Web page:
Wednesday, August 1, 2012

Partial Credit Rasch Model

This post builds on the previous post on the Rasch rating scale model. Three relationships were established:

1.     Students with the same scores and items with the same difficulties were grouped together.

2.     Transposed results for student scores and item difficulties were equivalent to normal results (this is easily seen in the dichotomous Nursing1 data) with identical normal student ability and transposed item difficulty measure means (1.78).

3.     Restoring transposed to normal values and locations required multiplying by -1 and then adding the measures mean (flipping the logit scale end for end and then moving the transposed distribution to the correct location).

The partial credit Rasch model adds to this, the ability to set rating scale thresholds for each item or each student. Now students with the same score can receive different estimated abilities; items with the same difficulty can receive different estimated difficulty calibration values using

1.     A normal partial credit analysis groups student raw scores and treats item difficulties individually (student ability measure mean: 1.24).
2.     A transposed partial credit analysis groups item difficulties and treats student raw scores individually (item difficulty measure means: 1.37).

3.     Restoring transposed partial credit individual student ability measures only imperfectly aligns them with normal individual item difficulty measures (the means are not identical as with the rating scale method: 1.32).


The last two charts use rating scale results as a fixed reference, as normal and transposed rating scale means (1.32) are identical from Winsteps. The normal partial credit analysis held person measures an average of 0.08 log its less than the rating scale method as it developed individual item difficulty measures. There is a noticeable curve in the relationship between the two methods.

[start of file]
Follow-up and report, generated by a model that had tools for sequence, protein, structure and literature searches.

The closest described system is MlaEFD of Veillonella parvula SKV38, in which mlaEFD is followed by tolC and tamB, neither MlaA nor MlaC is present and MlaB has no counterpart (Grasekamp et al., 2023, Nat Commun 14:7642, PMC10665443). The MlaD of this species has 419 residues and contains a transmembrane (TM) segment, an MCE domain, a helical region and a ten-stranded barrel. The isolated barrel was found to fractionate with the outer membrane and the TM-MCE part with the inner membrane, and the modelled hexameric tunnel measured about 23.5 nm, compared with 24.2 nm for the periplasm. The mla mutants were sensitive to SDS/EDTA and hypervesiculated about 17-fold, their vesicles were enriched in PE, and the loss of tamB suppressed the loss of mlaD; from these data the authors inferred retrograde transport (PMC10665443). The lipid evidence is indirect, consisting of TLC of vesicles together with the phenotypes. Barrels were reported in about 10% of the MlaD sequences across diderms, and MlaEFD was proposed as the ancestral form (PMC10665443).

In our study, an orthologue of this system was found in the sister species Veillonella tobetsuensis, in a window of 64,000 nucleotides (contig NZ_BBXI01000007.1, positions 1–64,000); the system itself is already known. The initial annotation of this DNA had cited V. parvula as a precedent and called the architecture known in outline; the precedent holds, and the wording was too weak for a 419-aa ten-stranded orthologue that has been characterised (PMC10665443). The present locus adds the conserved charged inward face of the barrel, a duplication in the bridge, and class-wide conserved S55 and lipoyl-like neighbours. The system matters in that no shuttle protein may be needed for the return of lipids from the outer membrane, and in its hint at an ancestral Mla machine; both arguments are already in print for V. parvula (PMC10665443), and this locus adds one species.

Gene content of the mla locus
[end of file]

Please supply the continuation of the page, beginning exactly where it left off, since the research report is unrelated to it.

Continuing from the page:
The transposed partial credit analysis held item difficulty measures an average of 0.05 log its more than the rating scale method as it developed individual person ability measures. The plot is a straight line. The partial credit method can not be directly related to the rating scale method using Fall8850a data.


The individual student and individual item measures can be imperfectly aligned by plotting restored transposed student ability measures with normal item measures. The relative locations of student ability and item difficulty do not hold constant as the location of a group is only close to the average of the group. Students (within a group receiving the same test score) with higher IRT ability measures also had higher percent right (CTT quality) scores using Knowledge and Judgment Scoring in PUP. This makes sense.

The item with the fewer number of omits received a higher location (more difficult) on the logit scale than another item with the same count or percent right. This makes sense. An item that more students mark right (and wrong) is more difficult than an item that more students omitted and ended up with the same right count. Also items in a group with higher measures were, in general, more discriminating, PUP 7. Test Performance Profile.

Iterative PROX groups items with the same difficulty. It is in the second stage of Winsteps, JMLE, where items are separated individually. (JMLE replaces each mark with a probability, whereas, PROX only uses the marginal cells of student score and item difficulty.)

Separation is higher for grouped values than for individual values. This relates to the wider dispersion of measures for grouped values. Reliability is the same as from Knowledge and Judgment Scoring. At this point it is safe to say that any study must use only one IRT method to estimate measures. Different methods yield measures that are similar but not identical.

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